The Teacher


From his founding role in '80s icons Boogie Down Productions to his latest solo LP, 2004's Get Right, KRS-One has always sought to make people think. The Brooklyn-born and -bred MC coined the term edutainment to describe the street-level wisdom — a mix of self-knowledge, anti-corporate awareness, and intense distrust of the government — that he spits over big boom-bap beats. Younger MCs such as Boots Riley, Gift of Gab, and Saul Williams owe a debt to Kris Parker and his only equal, Public Enemy's Chuck D, both of whom branded hip-hop as a tool of social awareness way before it was co-opted by more money-minded interests. The fact that, like Chuck, KRS is still in business and still on the offensive proves that what they have to say might actually be sinking in.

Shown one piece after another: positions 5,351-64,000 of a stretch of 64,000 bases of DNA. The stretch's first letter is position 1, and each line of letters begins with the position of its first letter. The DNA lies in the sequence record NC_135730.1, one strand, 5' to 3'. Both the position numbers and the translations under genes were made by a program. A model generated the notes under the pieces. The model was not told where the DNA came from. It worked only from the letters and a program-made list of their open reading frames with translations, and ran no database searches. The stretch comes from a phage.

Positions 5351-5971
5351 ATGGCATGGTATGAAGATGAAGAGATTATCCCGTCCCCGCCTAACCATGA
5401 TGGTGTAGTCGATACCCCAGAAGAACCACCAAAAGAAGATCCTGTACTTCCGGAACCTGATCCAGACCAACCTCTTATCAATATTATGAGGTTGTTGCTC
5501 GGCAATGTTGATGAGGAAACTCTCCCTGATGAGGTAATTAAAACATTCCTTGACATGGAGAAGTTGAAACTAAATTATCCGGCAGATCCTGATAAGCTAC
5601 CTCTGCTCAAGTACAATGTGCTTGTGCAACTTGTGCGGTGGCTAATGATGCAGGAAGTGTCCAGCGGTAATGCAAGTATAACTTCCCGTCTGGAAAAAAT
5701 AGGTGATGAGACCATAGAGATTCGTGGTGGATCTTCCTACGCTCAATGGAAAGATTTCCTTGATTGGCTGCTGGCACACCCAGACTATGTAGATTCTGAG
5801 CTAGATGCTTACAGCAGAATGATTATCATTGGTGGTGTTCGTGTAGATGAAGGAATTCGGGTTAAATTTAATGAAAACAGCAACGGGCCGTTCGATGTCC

KRS-One storms the stage at 8 p.m. Thursday, April 6, at Revolution, 200 W. Broward Blvd., Fort Lauderdale. Tickets cost $20 in advance or $25 at the door. Call 954-727-0950.

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